The University of Alaska (UA) has awarded a $500,000 contract to Milwaukee based advertising firm BVK. The contract was in response to an RFP from UA that came out in February. A total of eight firms responded to the RFP, including several Alaska firms. The firms include Denali Daniels & Associates, Strategies 360, Thompson & Co. Public Relations, Brilliant Media Strategies, and Yuit Communications. The other two that responded were Ologie and EMC Research, both based in Ohio. The RFP allows for up to two possible one-year extensions totaling an additional $1 million.
The scope of work describes a “public awareness campaign” that includes polling and messaging.
Robbie Graham, the Associate VP for Public Affairs for UA provided the following statement about the contract:
The university has great respect for the talent and creativity of our Alaska firms. The three universities and the system office have worked with, and continue to work with most of them on projects ranging from promoting teacher education, to web development and on other marketing efforts.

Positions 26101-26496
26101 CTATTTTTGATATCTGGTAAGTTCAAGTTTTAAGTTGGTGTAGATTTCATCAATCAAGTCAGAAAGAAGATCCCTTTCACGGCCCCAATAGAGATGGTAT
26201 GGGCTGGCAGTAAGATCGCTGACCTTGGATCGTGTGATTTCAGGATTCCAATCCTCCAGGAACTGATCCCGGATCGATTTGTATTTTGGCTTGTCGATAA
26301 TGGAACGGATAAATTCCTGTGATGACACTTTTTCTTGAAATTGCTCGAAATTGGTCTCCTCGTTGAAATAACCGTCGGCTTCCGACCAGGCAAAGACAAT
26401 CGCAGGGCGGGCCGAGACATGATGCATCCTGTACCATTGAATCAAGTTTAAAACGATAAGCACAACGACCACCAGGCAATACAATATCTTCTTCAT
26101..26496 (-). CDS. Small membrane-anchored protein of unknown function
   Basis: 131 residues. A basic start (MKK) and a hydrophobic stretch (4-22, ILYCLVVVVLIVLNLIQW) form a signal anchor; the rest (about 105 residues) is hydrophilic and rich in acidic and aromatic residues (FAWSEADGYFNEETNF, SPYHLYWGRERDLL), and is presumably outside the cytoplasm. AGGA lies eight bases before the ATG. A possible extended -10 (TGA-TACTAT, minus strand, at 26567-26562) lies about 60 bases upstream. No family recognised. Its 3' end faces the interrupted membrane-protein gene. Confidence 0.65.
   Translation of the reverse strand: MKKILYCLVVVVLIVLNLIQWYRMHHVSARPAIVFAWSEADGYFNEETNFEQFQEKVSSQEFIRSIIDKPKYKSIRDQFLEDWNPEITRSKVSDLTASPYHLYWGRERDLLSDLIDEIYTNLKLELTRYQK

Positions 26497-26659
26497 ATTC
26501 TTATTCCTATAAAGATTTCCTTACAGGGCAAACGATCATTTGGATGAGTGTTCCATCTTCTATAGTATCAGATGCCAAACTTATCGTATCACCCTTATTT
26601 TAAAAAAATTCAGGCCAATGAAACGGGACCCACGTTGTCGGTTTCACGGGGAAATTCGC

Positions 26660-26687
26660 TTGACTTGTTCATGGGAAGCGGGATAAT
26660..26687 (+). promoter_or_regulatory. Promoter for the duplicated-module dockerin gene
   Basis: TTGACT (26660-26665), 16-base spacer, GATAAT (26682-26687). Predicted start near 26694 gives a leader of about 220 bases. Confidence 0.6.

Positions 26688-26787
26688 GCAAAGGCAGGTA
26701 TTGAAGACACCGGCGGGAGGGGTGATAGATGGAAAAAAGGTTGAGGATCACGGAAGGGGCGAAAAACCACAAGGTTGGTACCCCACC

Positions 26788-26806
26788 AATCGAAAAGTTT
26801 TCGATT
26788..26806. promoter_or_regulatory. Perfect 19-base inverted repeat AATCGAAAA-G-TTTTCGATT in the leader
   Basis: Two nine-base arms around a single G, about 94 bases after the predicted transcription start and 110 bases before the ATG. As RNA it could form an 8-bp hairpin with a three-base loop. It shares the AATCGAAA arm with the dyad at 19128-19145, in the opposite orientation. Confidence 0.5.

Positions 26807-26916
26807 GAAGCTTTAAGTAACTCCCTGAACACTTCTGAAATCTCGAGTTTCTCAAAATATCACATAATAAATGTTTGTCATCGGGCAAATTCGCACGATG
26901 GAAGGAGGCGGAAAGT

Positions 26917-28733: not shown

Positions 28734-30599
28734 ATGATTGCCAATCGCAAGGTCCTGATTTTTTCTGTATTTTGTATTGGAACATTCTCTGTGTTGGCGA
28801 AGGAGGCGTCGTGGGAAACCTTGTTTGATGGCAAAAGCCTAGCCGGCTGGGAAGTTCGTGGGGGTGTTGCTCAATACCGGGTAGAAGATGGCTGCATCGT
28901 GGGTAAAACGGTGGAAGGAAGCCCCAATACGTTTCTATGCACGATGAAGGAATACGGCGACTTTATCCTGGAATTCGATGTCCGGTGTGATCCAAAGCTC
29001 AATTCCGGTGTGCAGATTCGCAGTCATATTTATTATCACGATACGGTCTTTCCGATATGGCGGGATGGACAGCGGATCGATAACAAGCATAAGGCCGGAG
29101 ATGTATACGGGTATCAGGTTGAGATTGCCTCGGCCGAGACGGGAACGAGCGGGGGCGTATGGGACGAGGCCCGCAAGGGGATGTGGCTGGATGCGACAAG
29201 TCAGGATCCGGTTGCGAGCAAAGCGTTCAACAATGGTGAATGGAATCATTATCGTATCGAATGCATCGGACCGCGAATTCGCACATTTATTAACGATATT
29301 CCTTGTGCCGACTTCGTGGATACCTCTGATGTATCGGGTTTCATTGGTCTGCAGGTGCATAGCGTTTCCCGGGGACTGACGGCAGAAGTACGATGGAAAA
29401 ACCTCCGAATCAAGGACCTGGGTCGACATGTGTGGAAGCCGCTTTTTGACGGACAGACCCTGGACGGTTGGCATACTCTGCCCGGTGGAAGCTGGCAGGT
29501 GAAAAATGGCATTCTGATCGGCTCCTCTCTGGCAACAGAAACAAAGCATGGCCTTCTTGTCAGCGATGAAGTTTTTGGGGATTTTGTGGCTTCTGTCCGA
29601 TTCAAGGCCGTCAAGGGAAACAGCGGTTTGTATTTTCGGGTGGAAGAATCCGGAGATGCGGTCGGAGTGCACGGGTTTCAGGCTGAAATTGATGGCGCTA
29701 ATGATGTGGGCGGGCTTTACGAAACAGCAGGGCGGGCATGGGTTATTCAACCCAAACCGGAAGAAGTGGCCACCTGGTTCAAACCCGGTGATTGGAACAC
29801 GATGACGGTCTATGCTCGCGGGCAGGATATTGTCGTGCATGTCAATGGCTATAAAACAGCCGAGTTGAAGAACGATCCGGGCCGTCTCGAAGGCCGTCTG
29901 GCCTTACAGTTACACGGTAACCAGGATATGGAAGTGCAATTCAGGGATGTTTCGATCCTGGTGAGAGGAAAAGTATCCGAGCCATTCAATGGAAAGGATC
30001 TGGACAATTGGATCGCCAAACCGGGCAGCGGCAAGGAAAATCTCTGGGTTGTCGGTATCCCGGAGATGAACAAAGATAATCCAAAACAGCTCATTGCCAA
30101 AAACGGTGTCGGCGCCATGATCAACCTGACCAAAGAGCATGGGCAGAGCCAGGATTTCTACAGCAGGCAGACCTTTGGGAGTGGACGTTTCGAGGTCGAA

But what BVK offered differently than the other proposers was deep and impressive experience with numerous universities and higher education campaigns across the country. The firm’s level of knowledge about the task at hand impressed the evaluation committee as did the firm’s overall approach to the campaign. As we get underway, we will discuss with BVK how it might work with Alaska vendors on this campaign.
She added that the money for the contract comes from “UA’s unrestricted funds, and that no state funds will be used to support this campaign.” Although all university funds are fungible.
According to BVK’s website they do work for other universities that include Michigan State University, Texas Christian University, and Bryant & Stratton College.
The University has dealt with two years of steep budget cuts proposed by Governor Mike Dunleavy (R – Alaska). Many of the proposed cuts were added back by the legislature, although the University did agree to reduced cuts in 2019 in exchange for long term spending cuts.